Not long after Yusuf's announcement Monday, mortar shells were being fired around Mogadishu, according to the Reuters news agency. In recent days, clan militias have been gearing up, buying guns at the local market, where the price of an AK-47 assault rifle is a reliable barometer of coming conflict. In the past week, it has nearly doubled, with many in the capital expecting that the Shabab will attempt to advance.

"The Shabab will probably make a push, but Yusuf being there would have only made things worse," said a Western diplomat in the region who was not authorized to speak publicly, adding that a total collapse of the government "is certainly a possibility."

While Yusuf's resignation represents the failure of one more central government in Somalia, it also represents one more failure of U.S. policy in a region where American officials have long worried about the threat of terrorism.

The primary aim of the U.S.-backed Ethiopian invasion that installed Yusuf's internationally recognized transitional federal government was to dislodge a relatively diverse Islamist movement that had taken over Mogadishu. But two years later, the most radical wing of the ousted Islamist movement has emerged stronger, more battle-hardened and better-financed than ever.

In addition, six known U.S. airstrikes inside Somalia have mostly stoked anti-U.S. sentiment. The strikes were aimed at alleged al-Qaeda operatives, including the alleged perpetrators of the 1998 U.S. Embassy bombings in Kenya and Tanzania. But only one target, a Shabab leader, has been confirmed killed.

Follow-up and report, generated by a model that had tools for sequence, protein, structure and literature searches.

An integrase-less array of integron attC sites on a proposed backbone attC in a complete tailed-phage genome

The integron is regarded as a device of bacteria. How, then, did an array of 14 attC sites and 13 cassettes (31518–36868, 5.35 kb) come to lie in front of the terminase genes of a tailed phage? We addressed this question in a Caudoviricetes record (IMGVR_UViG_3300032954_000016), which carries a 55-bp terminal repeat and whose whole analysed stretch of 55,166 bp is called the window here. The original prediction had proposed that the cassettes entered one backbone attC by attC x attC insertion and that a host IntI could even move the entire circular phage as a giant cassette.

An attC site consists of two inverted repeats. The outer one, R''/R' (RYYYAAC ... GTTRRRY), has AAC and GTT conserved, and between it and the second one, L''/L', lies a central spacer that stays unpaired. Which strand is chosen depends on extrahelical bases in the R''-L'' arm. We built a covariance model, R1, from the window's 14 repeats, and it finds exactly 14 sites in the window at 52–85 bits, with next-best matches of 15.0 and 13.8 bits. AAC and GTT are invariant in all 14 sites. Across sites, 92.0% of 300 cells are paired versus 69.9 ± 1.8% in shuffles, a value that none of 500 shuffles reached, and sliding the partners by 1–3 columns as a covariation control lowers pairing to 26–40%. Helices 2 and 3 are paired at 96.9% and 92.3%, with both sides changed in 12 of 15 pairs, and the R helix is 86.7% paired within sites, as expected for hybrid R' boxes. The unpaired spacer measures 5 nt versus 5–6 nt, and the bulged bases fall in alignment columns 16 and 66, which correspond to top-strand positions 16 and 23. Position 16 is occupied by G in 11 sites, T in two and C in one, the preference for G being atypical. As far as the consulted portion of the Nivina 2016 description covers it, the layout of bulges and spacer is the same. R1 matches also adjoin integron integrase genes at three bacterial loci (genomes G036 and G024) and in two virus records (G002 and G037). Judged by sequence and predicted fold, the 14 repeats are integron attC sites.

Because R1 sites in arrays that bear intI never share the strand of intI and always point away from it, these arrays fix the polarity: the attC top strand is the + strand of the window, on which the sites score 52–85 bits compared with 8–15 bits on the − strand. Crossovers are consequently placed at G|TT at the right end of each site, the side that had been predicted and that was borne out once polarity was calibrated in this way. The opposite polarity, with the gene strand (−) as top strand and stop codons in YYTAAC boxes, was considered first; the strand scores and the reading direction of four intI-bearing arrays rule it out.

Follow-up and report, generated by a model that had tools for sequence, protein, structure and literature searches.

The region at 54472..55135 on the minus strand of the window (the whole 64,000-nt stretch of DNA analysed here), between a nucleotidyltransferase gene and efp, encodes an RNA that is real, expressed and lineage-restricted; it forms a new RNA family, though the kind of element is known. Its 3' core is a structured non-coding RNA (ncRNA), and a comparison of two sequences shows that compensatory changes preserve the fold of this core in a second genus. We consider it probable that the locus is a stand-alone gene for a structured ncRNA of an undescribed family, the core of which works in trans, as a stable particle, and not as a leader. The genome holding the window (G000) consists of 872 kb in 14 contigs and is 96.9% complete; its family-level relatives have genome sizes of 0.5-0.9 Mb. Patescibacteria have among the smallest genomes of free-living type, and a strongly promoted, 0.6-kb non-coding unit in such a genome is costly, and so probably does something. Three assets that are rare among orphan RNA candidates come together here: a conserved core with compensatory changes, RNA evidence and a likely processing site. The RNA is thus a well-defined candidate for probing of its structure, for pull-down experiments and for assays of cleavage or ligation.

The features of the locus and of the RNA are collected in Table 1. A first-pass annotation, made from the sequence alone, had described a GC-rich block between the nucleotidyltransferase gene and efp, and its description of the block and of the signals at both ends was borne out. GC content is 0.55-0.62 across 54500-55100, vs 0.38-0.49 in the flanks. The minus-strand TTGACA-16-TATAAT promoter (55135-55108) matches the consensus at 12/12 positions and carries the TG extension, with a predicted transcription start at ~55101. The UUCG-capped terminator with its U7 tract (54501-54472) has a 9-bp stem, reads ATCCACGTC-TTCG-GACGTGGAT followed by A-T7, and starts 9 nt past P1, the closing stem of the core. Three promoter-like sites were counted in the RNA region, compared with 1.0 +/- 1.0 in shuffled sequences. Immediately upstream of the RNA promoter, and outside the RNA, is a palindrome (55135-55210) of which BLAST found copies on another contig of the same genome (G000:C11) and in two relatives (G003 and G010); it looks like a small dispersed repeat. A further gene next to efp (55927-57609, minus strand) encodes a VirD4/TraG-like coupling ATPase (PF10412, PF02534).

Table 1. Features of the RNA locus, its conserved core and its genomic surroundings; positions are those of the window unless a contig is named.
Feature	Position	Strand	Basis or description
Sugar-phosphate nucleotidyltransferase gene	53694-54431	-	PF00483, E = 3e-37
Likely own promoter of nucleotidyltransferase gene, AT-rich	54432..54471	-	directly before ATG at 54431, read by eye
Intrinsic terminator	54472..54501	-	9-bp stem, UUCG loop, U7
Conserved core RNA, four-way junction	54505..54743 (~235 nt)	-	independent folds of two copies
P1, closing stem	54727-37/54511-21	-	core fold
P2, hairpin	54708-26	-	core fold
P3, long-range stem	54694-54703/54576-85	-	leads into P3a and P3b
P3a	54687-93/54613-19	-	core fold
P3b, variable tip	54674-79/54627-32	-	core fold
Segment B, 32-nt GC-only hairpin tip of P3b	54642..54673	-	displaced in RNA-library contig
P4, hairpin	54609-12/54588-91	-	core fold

Meanwhile, Yusuf leaves behind a humanitarian crisis that some U.N. officials describe as the worst in the world, if measured by unmet need. Thousands of people have been killed and more than a million others displaced across the drought-stricken country.

Still, Prime Minister Nur Hassan Hussein, who has led the efforts this year to find a political solution to the problem, put a brave face on the situation Monday.

Hussein had been at odds with Yusuf, and he welcomed his resignation.

"I am happy that the Somali president has resigned," Hussein told the Associated Press. "I wish him to become a Somali elder and play a role in the common endeavor to restore peace and order in Somalia."

Special correspondent Mohamed Ibrahim in Nairobi contributed to this report.